Someone asked me over the weekend if I wouldn’t be susceptible to more requests from my boss in the future – if I would feel guilty if she was struggling to get everything assigned.   I’ve thought about it and realized that no, this has been a lesson learned.  I don’t want to do this anymore.  In addition, I worked for this woman for 32 years and she has never gotten anyone from outside the organization to come back to do special projects; she has 32 years of experience working this stuff out.  If I say “no” in the future, I’m sure she can work it out without me. 

So, I’m counting down.  I included the weekends because I will be working on Saturday, May 6.  It’s the final event of the two projects and except for a few hours of wrapping up the accounting, which will probably be in June, it will be the end of my work.  I can’t wait!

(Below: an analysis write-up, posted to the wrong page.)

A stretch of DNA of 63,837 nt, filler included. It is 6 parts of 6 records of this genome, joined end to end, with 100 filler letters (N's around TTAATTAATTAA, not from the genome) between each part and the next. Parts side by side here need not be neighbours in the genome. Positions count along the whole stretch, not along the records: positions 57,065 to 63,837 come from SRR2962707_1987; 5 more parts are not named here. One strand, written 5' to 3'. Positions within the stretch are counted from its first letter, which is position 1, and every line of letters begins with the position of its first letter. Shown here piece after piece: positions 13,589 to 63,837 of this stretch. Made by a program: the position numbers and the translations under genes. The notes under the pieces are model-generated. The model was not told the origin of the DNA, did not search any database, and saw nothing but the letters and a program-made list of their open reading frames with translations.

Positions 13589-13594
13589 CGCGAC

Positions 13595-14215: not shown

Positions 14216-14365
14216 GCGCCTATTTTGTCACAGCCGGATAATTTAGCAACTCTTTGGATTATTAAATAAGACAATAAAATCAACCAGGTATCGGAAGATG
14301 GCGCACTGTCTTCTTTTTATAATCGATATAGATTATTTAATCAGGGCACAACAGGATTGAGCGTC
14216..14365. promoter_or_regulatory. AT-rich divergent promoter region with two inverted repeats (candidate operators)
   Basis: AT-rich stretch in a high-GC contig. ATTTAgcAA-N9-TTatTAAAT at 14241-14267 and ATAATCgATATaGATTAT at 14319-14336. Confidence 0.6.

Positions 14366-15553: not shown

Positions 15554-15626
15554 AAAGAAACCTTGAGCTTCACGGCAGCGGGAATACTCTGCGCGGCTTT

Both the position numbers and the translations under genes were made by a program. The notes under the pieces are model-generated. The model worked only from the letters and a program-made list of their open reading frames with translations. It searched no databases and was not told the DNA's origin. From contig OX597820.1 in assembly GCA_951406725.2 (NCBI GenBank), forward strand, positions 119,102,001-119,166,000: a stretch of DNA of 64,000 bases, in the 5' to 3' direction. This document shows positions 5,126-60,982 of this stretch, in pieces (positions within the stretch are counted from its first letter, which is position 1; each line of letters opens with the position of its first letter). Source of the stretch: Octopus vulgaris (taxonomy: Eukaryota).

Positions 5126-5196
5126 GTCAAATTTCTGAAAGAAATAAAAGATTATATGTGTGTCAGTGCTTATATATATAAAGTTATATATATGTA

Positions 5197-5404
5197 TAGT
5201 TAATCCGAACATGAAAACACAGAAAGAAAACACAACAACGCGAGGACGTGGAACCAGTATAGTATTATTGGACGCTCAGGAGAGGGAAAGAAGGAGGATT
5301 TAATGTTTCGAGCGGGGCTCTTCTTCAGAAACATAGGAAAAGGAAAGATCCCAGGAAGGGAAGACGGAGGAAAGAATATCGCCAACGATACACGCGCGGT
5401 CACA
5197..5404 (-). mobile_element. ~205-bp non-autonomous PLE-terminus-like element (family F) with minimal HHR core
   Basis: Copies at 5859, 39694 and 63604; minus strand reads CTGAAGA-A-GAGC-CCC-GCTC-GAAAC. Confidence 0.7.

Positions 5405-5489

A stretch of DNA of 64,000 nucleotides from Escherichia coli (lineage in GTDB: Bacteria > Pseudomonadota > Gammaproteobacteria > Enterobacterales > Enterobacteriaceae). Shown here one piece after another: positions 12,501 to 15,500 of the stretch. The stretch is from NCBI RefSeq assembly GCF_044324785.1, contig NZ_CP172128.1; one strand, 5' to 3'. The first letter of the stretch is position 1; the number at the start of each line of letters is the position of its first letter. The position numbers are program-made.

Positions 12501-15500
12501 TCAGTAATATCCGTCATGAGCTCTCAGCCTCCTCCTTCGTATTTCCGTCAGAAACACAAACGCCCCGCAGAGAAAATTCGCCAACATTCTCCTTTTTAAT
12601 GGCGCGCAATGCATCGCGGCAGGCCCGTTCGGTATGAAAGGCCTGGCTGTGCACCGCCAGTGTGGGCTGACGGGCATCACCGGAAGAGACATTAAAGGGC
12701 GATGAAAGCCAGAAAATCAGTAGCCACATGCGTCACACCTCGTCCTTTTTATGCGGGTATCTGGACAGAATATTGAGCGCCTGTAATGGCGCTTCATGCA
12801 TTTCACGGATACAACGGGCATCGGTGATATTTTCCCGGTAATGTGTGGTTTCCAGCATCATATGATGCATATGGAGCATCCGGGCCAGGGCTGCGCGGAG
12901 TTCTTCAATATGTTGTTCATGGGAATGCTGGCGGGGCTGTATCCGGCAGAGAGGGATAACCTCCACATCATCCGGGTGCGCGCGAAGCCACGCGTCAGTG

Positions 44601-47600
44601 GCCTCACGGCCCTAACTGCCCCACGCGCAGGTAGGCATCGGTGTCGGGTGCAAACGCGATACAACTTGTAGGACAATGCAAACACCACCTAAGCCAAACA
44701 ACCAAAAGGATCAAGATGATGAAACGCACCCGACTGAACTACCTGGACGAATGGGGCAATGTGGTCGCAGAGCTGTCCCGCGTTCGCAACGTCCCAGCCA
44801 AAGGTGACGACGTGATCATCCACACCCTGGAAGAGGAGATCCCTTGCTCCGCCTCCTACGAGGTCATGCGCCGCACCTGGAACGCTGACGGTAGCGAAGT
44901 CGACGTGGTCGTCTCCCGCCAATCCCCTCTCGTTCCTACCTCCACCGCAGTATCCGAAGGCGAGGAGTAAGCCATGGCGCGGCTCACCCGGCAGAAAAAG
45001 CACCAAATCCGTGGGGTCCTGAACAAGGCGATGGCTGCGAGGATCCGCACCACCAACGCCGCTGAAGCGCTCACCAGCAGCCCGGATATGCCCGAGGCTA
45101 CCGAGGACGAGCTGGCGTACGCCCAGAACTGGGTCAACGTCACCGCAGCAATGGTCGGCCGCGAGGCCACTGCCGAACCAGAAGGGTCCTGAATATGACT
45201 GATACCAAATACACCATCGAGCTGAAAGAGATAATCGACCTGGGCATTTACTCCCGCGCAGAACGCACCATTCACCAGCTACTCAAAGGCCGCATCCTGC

When was the last time you were counting the days?  Have you ever actually made a countdown calendar?

Springing Slowly

Today’s Farm Update comes from Ben

The snow has been melting slow enough we haven’t had the big spring rush of water coming down our valley. And that’s OK. Not that we have damaging floods, but most years we have the usual snowmelt rush. This year it’s just a nice little stream. Plus still got piles of snow in the shadows and on the north sides.